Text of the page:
Socio-Economic and Food Security Survey
West Bank and Gaza Strip, Palestine
The designations employed and the representation of material in this publication do not imply the expression of any opinion whatsoever on the part of FAO, UNRWA, WFP or their donors, concerning the legal or development status of any country, territory, city or area or its authorities, or concerning the delimitation of its frontiers and boundaries.
Overall, the surge in food insecurity mainly reflects the deterioration of socio-economic conditions in both the West Bank and the Gaza Strip (increasing unemployment and contracting purchasing power), resulting from the combination of sustained economic constraints and of the shock generated by the PA fiscal crisis in late 2012.2 Indeed, even though all public wages delayed during the second half of 2012 were ultimately paid, the survey noted a strong correlation between the uncertainty around the payment schedule and a significant reduction in the consumption levels of many public servants, particularly in the Gaza Strip.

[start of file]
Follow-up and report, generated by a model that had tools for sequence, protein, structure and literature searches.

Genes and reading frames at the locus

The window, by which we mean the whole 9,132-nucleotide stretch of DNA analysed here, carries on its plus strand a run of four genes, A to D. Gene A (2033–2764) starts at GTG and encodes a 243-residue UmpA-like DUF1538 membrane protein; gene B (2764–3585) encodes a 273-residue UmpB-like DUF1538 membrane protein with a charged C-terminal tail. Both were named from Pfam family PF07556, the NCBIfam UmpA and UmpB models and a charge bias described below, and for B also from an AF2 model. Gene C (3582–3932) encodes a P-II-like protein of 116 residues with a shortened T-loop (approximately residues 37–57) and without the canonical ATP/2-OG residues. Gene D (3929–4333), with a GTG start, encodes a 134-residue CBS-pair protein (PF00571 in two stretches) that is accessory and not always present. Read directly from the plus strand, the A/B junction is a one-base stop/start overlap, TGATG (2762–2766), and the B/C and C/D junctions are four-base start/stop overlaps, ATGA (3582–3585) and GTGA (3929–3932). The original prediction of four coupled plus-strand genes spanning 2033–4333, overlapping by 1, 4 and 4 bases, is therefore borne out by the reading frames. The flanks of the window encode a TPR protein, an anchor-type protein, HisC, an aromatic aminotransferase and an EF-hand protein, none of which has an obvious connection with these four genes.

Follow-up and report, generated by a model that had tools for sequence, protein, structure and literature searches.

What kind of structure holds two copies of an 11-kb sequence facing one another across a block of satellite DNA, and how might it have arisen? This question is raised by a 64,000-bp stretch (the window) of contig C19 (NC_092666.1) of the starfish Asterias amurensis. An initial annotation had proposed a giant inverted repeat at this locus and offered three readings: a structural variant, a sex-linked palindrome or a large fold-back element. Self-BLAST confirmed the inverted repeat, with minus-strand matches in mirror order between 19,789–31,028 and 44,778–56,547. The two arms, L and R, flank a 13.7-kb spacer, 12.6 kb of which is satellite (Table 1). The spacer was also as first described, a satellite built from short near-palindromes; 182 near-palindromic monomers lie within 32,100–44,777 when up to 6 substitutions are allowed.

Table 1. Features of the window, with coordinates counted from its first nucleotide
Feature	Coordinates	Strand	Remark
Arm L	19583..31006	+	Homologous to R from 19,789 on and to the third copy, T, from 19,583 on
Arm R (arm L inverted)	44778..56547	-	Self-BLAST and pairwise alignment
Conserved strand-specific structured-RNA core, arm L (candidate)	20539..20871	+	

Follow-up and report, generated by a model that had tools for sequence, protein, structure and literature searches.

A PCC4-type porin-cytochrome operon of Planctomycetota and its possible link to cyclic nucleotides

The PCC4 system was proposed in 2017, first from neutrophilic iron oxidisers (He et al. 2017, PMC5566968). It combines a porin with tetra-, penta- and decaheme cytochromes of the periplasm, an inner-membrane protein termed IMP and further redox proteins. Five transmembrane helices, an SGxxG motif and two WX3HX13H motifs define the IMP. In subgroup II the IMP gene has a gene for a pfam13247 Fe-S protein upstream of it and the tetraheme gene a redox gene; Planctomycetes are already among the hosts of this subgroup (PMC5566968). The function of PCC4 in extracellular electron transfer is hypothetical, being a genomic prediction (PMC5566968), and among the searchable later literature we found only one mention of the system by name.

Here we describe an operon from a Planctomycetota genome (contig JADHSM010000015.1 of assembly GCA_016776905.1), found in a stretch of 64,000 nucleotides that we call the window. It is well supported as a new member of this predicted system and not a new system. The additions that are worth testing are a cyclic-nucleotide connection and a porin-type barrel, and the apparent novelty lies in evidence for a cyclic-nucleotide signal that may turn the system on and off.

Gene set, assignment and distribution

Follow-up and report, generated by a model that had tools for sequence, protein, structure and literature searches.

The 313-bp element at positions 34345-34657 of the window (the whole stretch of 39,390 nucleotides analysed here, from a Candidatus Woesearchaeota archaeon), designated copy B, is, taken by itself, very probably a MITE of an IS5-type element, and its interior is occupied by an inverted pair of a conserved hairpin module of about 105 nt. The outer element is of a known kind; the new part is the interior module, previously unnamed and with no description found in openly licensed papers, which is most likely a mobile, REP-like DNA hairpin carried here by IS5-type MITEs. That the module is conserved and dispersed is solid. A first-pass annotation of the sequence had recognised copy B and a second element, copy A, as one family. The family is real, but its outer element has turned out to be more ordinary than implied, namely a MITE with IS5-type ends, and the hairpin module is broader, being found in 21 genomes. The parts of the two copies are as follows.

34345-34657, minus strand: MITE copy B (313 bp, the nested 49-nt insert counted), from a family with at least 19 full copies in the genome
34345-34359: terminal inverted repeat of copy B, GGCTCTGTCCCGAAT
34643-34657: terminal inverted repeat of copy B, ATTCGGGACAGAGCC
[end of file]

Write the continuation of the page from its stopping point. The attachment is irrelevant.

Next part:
The 2012 trends differed significantly in the West Bank and in the Gaza Strip. While in both regions the SEFSec estimates show a sharp drop in the share of households categorized as food secure, the ‘absorption’ of these households into the lower categories diverges between the two regions. In the West Bank, the ‘marginally secure’ and ‘vulnerable’ groups expanded, thus limiting the increase of the ‘food insecure’ group to two percentage points. This pattern seems to be due to the ability of the West Bank population to further rely on various coping strategies (an assumption confirmed by the wider support provided by friends and relatives in 2012). By 2012, an estimated 19 percent of households were assessed as food insecure in the West Bank.
In the Gaza Strip, the collapse of the food secure group directly corresponded to an increase in the food insecure category which soared, from 44 percent of households in 2011, to an alarming 57 percent in 2012. As in the previous three years, the vast majority contrast, UNRWA was the most frequently reported source of assistance in the Gaza Strip, followed by relatives and friends and the Ministry of Social Affairs. Assistance providers struggled to maintain their ability to pull households out of the food insecure category; providers clearly could not keep pace with the rapidly increasing pre-assistance food insecurity rates and with the considerable deepening food insecurity gap – particularly in the Gaza Strip.